If a DEB exists for something, do you guys build up from the DEB, or from source? Is source considered best practice and a DEB (build) is a fallback? Is there a pro/con one over the other?
As always “It depends”.
If it’s a proprietary application which already has a deb built, and the vendor doesn’t have the resources to look into snapping their application right now, then ingesting the deb and making a snap from it is certainly an option. However the ideal scenario is that the yaml lives in the upstream source tree, which is hooked up to their ci system whether that’s travis, circle-ci or some other thing, and spits out a snap. That snap can then be pushed directly to the store edge channel for adventurous users.
If you’re talking about debs included in a build of something else, we often use stage-packages to pull in things from the archive, but ideally we should be building from source each time. stage-packages is really a convenience, as it’s way easier to just specify a stage (or indeed build-package) than work out the necessary parts one by one, with all their build intricacies.
Personally I’d like to see us move all our things to source-based builds rather than stage-packages and build-packages, but building all of the world every time is a massive consumption of resources, so a balance needs to be struck.
This decision is an easy one to solve (source vs deb). Haha. It is budgie-welcome in this case. I have been building out from source, but another team member has been playing, and their version was being built out using the DEB (easier, faster to get running).
I just wanted to ensure that we went the route of best practice.
The clarification is appreciated.
I disagree. You’re quite correct on the time argument, but building from the deb not only means you can build snaps faster, but it also means that you pull in other aspects of your distribution’s packaging - e.g. security hardening via compile flags. By building from source, you’re throwing away years of effort that the distributions have put in to taking software and making it suitable to end-users, who often have no idea how to compile software.
I, for one, would not like to implement all of https://wiki.ubuntu.com/Security/Features by myself for every snap. You should think very carefully before “just” building from source.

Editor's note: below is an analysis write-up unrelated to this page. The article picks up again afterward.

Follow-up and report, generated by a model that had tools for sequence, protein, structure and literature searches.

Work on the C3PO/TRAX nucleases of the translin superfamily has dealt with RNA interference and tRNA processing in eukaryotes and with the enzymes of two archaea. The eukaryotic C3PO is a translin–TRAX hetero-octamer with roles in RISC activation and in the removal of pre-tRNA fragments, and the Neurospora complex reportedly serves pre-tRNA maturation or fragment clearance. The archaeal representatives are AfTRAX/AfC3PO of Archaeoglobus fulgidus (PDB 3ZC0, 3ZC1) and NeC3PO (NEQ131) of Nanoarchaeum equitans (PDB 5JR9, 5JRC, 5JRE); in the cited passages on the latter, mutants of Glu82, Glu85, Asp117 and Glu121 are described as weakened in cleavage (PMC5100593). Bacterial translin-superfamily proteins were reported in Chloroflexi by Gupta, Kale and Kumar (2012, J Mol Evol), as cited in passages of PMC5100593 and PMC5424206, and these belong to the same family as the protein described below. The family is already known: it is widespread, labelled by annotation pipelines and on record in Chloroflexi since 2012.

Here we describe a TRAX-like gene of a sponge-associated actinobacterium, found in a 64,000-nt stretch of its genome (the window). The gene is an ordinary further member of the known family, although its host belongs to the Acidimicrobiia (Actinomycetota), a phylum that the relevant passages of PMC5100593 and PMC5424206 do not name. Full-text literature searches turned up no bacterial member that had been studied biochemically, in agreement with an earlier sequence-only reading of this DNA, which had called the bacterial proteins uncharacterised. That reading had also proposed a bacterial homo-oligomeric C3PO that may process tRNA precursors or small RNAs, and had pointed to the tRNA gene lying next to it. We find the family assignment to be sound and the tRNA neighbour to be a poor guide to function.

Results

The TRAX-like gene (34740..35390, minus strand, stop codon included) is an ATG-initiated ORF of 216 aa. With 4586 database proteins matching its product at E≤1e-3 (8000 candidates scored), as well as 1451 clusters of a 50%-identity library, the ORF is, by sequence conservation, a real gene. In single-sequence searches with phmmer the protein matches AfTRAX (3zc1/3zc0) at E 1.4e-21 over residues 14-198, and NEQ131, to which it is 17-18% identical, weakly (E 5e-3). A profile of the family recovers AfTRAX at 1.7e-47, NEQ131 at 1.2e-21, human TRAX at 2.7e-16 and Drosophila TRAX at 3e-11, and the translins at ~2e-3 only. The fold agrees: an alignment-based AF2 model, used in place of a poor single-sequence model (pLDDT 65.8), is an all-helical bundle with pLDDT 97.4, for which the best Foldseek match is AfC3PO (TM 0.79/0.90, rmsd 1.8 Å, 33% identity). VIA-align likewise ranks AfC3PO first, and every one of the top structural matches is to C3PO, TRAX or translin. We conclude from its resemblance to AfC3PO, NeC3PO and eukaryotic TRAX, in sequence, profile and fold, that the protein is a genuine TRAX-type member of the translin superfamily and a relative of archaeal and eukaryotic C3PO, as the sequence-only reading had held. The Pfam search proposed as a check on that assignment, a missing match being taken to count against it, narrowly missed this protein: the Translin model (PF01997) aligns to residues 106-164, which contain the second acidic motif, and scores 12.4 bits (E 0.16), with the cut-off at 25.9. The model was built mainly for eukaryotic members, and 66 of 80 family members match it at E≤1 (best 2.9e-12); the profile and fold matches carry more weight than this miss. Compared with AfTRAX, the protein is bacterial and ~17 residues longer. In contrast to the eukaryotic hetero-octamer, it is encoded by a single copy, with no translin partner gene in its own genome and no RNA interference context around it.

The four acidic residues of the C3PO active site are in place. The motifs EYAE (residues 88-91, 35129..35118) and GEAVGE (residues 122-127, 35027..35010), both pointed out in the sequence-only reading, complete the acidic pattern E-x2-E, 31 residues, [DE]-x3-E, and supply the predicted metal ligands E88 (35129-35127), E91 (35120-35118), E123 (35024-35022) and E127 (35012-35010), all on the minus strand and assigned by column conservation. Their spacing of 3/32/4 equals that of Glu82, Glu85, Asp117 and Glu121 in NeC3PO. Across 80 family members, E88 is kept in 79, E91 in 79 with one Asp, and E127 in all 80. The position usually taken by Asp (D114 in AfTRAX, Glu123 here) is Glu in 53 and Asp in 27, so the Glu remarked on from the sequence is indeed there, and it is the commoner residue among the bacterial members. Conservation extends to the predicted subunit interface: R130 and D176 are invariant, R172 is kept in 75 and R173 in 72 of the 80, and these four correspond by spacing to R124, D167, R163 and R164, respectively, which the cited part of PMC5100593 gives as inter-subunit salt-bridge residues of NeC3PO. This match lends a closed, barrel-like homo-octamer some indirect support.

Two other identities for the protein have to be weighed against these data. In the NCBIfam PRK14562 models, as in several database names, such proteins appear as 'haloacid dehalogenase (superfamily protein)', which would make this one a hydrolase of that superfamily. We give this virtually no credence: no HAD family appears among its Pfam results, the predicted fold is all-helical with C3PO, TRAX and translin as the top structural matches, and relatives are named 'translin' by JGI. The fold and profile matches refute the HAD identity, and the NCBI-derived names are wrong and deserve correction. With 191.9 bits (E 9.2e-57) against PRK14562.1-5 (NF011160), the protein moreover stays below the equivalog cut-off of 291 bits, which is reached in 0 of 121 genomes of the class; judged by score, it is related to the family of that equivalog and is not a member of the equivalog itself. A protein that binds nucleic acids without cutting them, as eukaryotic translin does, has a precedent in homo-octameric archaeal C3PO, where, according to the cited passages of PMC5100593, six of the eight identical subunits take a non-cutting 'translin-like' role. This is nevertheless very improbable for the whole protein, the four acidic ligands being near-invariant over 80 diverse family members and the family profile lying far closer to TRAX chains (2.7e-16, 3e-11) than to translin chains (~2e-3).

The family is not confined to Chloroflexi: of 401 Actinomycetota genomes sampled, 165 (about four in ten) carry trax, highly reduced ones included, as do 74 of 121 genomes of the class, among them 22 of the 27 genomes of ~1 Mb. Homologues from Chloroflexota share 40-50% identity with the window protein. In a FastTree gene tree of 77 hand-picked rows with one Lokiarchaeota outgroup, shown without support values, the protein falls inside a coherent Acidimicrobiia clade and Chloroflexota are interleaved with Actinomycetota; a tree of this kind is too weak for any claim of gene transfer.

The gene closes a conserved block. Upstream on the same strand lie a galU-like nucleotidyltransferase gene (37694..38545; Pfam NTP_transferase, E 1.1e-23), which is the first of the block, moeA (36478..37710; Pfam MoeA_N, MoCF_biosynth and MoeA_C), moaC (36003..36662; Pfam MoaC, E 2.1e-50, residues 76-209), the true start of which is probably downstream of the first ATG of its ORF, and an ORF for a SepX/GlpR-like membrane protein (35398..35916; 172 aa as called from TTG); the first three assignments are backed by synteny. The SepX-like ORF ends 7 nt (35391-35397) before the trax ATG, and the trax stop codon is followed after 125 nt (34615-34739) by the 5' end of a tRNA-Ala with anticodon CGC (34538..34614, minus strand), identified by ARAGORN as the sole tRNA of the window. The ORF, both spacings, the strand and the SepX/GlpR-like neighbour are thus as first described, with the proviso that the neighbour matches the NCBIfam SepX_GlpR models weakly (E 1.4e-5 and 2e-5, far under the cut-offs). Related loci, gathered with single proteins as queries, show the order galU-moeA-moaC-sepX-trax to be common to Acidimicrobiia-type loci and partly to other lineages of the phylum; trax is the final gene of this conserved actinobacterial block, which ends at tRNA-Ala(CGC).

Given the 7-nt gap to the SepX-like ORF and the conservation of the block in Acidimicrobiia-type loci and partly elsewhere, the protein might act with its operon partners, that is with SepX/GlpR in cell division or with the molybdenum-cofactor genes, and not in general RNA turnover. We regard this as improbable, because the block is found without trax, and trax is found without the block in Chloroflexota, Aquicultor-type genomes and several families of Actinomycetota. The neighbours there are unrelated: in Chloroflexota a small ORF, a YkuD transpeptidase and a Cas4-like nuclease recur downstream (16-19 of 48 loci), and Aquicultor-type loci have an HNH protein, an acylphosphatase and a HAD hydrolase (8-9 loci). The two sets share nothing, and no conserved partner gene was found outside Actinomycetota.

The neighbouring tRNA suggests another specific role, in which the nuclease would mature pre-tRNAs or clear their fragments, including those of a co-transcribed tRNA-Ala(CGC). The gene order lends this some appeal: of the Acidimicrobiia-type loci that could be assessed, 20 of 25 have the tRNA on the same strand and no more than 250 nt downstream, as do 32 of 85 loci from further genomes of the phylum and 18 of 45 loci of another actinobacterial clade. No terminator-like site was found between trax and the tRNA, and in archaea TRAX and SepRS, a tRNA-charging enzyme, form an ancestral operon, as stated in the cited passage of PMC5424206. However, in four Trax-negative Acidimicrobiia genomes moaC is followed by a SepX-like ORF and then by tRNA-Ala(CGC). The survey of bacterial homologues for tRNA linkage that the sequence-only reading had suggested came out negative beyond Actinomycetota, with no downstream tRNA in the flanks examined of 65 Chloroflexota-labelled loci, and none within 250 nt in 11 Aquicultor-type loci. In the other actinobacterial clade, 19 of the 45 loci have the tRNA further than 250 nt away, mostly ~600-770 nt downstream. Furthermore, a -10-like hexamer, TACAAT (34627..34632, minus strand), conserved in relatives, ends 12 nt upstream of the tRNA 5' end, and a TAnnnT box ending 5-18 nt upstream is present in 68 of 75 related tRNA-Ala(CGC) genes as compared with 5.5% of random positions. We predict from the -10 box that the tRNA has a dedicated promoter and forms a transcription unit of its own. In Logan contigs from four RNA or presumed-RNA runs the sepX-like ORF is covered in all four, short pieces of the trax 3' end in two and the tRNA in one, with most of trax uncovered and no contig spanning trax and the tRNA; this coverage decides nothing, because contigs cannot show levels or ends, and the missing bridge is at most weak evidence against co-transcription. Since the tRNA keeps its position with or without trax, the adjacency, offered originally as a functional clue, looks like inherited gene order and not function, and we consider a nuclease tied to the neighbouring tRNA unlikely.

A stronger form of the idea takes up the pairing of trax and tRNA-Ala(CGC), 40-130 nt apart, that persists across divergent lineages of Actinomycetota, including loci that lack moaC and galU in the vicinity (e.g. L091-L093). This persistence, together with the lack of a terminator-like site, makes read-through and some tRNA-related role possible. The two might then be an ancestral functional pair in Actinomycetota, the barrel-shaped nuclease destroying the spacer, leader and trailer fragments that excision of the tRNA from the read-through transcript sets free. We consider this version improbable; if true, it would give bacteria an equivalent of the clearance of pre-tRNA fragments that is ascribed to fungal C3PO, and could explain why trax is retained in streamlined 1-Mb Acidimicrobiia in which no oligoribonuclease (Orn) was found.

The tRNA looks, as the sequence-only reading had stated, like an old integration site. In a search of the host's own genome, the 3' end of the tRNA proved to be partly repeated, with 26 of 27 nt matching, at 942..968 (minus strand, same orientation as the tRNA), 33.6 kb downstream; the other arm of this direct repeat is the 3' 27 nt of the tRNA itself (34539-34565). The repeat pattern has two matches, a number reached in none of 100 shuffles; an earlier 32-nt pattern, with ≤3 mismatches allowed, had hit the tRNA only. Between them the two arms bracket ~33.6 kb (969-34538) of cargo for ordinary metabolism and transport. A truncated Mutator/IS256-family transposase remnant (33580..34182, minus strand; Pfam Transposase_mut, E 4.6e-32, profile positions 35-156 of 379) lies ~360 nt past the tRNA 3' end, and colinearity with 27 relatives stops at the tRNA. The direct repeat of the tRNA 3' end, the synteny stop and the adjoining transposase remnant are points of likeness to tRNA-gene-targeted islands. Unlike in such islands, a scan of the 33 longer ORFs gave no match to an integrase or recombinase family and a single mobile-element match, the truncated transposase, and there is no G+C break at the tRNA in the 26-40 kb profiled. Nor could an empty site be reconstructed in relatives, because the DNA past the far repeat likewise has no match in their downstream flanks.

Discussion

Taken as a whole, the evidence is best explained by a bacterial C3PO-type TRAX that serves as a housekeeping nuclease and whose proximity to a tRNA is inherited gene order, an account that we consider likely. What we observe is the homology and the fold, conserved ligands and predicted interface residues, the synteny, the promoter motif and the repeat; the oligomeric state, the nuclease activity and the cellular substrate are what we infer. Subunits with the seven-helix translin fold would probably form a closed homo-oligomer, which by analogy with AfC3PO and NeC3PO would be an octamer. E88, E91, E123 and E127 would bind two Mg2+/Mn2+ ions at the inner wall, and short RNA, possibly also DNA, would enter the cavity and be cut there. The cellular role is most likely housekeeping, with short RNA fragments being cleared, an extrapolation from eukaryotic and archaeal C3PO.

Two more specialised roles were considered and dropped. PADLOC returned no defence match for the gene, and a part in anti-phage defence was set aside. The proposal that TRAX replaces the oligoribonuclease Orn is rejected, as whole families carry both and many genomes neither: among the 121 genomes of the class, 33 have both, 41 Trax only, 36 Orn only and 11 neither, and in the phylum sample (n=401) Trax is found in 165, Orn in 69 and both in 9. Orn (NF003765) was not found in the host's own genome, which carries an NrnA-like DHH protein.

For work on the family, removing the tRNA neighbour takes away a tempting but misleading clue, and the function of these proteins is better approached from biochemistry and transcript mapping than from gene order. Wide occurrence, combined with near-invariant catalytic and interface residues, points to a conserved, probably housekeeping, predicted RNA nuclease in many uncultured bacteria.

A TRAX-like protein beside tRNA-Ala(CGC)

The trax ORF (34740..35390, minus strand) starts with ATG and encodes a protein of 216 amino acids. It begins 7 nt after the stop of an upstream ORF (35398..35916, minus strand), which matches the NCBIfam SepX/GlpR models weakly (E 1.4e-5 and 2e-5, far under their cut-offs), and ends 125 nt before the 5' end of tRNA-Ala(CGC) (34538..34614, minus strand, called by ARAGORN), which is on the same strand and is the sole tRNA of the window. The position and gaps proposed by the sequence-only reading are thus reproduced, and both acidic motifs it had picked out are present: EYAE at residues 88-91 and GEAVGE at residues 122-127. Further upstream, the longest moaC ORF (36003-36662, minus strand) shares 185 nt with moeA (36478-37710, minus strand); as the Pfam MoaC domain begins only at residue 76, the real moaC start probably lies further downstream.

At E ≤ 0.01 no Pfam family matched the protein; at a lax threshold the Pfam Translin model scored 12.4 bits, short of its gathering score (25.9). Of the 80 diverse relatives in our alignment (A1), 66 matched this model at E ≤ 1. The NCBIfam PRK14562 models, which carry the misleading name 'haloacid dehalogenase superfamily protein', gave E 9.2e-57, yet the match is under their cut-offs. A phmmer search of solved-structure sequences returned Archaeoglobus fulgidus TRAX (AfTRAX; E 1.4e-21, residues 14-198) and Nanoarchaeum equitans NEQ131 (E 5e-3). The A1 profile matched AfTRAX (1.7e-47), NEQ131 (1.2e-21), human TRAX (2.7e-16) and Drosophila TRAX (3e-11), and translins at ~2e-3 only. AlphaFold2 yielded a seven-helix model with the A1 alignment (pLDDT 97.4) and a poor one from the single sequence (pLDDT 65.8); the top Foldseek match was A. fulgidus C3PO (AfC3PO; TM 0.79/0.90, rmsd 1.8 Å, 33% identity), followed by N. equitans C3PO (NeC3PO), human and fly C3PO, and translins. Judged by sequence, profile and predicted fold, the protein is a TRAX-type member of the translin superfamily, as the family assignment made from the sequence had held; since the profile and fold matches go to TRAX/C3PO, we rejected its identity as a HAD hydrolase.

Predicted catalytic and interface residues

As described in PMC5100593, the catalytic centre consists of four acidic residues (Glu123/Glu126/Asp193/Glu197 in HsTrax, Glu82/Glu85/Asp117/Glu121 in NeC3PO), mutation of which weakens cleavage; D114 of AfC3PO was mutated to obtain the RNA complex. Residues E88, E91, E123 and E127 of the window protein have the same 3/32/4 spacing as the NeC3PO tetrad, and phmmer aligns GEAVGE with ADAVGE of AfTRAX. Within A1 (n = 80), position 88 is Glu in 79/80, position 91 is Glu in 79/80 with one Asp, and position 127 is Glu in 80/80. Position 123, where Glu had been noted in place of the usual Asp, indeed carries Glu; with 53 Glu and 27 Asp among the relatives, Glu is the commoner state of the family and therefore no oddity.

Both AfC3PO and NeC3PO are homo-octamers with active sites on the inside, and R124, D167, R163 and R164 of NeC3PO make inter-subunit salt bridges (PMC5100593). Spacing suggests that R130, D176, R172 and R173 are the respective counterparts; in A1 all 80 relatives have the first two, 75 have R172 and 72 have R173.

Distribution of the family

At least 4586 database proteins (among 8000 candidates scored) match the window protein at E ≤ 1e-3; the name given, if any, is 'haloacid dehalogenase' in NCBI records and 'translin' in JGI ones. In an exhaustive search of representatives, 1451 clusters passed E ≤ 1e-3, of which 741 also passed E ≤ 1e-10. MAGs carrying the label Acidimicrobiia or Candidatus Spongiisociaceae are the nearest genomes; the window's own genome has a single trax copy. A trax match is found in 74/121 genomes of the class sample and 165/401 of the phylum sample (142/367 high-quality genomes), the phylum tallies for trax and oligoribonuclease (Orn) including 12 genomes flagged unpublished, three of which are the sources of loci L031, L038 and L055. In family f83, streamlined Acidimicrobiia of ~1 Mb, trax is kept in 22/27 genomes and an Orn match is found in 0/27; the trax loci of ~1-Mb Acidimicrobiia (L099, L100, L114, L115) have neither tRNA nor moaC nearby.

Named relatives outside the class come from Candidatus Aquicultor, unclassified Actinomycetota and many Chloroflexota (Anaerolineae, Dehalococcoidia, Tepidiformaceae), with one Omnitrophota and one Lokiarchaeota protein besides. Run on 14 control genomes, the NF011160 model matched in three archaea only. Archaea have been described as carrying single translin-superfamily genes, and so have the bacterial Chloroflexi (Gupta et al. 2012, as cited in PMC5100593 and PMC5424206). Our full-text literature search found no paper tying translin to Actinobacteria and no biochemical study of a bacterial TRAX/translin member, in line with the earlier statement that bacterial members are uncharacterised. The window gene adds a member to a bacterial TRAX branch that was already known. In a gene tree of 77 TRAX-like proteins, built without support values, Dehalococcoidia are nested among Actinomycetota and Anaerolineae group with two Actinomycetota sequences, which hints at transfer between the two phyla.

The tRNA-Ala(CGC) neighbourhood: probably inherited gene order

It looks to me that all those features are either in the kernel or via a patch on GCC. If you’re building on Ubuntu then you’ll get the GCC patches the same as Ubuntu does because you’re using the same GCC binary. If you’re shipping your snap on Ubuntu you’ll get the kernel from Ubuntu. If you build or ship on other systems then you’ll get the build environment or kernel of that system.
I respectfully disagree with your premise that we’re “throwing away years of effort” by compiling our snaps rather than unpacking a deb and then repacking it into a snap.
Yes of course, you will get the benefit of some of the toolchain fixes when building on your target platform, but there are also patches that are maintained by the distro (be that Ubuntu or Debian or …) to the build scripts and even source code of the packages which should be carefully considered.
To be clear, I am not advocating that snaps should be a straight copy of their corresponding debs - perhaps incorrectly, I assumed that OP was asking about dependencies.
I do think that, where possible, dependencies for snaps should be first sourced from the Ubuntu archive to get all of the “Ubuntu goodness” that has been baked in to the packaging, and I can benefit from the work already done by existing Ubuntu teams. e.g. if I’m snapping software that depends on PostgreSQL, I do not compile PostgreSQL, since it’s already packaged. This means the Ubuntu Security team can notify me when there’s a CVE for PostgreSQL (see Snap updates and developer notifications on security updates ). I get to concentrate on building /my software/ and encoding it in snapcraft.yaml whilst leaning on Ubuntu maintainers (and upstream) for my dependencies.
I see. Yes I tend to rely on the dependencies coming from the Ubuntu repos where available, too. However, I have also compiled more-recent dependencies where an application will benefit from such. e.g. my Corebird snap includes the color emoji support from the latest fontconfig which isn’t currently packaged in Ubuntu, so I compiled it myself to allow users of the snap to benefit from the awesomeness now rather than waiting until Ubuntu repos catch up with Bionic and Core Series 18.
For me, I only build from source if certain parts from DEB is incompatible (too old or too new), not relocatable (requires rebuild from source to set the proper resource search path), or requires further patching